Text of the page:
Scarano says she sees brighter days on the horizon for her company. In the past several months business has rebounded so much — particularly from paper companies, she said — that the company is trying to reverse a downsizing it underwent early last year. Business had fallen by about 32 percent, but started to improve in May 2010, which caught Pan Am with a shortage of engineers and conductors. Since then the company has trained 40 new personnel.

Scarano said Pan Am also is making improvements to its infrastructure with an eye toward increasing reliability. For example, the company is in the midst of a collaboration with Norfolk Southern railroad to spend $90 million on improvements to the lines, switching stations, loading machinery and bridges between Ayer, Mass., and Mechanicville, N.Y. Though the project is hundreds of miles away from many of Pan Am’s Maine customers, Scarano said the project’s impact will be felt here.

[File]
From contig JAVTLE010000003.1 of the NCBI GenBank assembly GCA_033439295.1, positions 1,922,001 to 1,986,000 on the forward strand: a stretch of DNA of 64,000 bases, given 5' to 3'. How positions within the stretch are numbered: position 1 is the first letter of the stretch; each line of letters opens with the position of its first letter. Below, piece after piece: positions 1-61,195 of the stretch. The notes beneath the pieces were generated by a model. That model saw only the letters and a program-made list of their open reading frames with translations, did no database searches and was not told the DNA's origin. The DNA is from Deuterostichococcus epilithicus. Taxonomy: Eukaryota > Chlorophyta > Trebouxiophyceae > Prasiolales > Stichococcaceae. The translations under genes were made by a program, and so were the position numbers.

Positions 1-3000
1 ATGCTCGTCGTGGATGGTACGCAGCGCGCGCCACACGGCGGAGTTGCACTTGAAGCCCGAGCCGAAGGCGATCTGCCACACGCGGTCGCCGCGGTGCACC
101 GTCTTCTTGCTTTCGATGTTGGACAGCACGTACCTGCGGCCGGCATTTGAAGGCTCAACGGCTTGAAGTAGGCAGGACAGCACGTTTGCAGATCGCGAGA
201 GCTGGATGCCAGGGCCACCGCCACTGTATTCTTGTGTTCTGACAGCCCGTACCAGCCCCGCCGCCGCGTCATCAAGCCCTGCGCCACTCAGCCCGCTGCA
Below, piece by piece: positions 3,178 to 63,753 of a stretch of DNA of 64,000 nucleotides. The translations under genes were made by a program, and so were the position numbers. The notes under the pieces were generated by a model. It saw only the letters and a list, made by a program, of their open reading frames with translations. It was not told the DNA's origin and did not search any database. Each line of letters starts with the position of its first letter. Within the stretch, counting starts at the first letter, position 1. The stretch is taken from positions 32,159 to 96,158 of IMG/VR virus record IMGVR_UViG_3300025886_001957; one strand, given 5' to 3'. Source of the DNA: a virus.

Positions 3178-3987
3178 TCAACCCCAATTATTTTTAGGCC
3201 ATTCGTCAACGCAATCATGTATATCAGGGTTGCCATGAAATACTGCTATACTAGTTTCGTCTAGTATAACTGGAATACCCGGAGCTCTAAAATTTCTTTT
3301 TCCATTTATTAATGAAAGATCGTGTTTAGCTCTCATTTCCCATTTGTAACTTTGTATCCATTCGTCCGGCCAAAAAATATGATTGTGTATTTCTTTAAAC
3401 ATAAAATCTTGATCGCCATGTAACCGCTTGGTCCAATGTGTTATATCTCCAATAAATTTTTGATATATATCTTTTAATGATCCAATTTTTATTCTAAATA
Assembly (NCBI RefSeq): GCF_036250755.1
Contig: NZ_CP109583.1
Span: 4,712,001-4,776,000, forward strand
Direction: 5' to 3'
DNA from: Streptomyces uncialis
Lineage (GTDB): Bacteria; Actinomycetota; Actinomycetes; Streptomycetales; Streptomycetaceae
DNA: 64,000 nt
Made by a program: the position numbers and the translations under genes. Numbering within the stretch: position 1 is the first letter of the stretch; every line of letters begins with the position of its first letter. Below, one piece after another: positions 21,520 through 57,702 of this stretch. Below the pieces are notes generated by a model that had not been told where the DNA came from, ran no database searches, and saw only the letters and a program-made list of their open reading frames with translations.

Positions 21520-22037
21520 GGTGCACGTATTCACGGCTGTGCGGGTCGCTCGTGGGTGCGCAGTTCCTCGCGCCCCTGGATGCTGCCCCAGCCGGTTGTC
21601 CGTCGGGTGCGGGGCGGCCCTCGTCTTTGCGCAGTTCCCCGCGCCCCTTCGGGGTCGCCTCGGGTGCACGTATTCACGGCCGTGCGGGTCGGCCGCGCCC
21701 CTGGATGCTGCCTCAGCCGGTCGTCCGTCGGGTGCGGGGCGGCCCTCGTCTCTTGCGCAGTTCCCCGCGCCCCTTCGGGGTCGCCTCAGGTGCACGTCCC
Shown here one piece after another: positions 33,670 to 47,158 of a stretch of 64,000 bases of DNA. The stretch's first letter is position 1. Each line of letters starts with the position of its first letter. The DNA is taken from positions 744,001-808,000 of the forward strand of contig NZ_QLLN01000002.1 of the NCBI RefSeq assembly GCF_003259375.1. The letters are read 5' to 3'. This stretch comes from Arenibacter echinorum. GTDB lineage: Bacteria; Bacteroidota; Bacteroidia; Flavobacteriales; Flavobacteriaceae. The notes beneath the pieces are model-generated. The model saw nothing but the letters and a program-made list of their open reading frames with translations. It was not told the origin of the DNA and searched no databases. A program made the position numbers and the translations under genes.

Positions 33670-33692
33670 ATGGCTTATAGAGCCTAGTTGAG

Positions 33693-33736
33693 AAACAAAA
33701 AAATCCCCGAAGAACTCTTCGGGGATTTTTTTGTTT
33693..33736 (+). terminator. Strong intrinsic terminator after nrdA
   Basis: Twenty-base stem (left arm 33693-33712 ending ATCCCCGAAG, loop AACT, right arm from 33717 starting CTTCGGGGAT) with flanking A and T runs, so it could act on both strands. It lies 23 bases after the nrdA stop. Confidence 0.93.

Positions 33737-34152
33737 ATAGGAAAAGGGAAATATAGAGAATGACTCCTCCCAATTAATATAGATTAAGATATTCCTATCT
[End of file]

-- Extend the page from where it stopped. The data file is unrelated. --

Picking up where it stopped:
“If you have bridges that allow more weight, tracks that allow more speed and an automatic distribution center, you cut your times down on the whole system,” she said. “It also broadens the market, which improves service to Maine.”

McGonigle agreed and said Montreal, Maine & Atlantic also is analyzing its operations to find ways to improve service. He said he anticipates the focus in terms of growth will be the forest products industry.

“Other railroads, such as the Bangor and Aroostook and Iron Roads, went into bankruptcy,” he said. “We’re doing everything we possibly can to stay out of that situation, and we have a good business plan going forward.”

The state is doing its part with the development of a long-awaited State Rail Plan, a draft of which will be released in the coming months, according to Moulton. Though he wouldn’t say what the plan will contain, he said it will serve as a blueprint for the steps necessary to sustain rail service for the Maine businesses and communities that depend on it.

“All the pressure is in manufacturing,” said Moulton. “The railroads need to do a better job with their marketing and the state needs to look at how we develop new businesses. Do we work with them to locate on a rail? I don’t know the answer to that, but I know we need to be making sure we’re in the conversation. The key is having all parties work together.”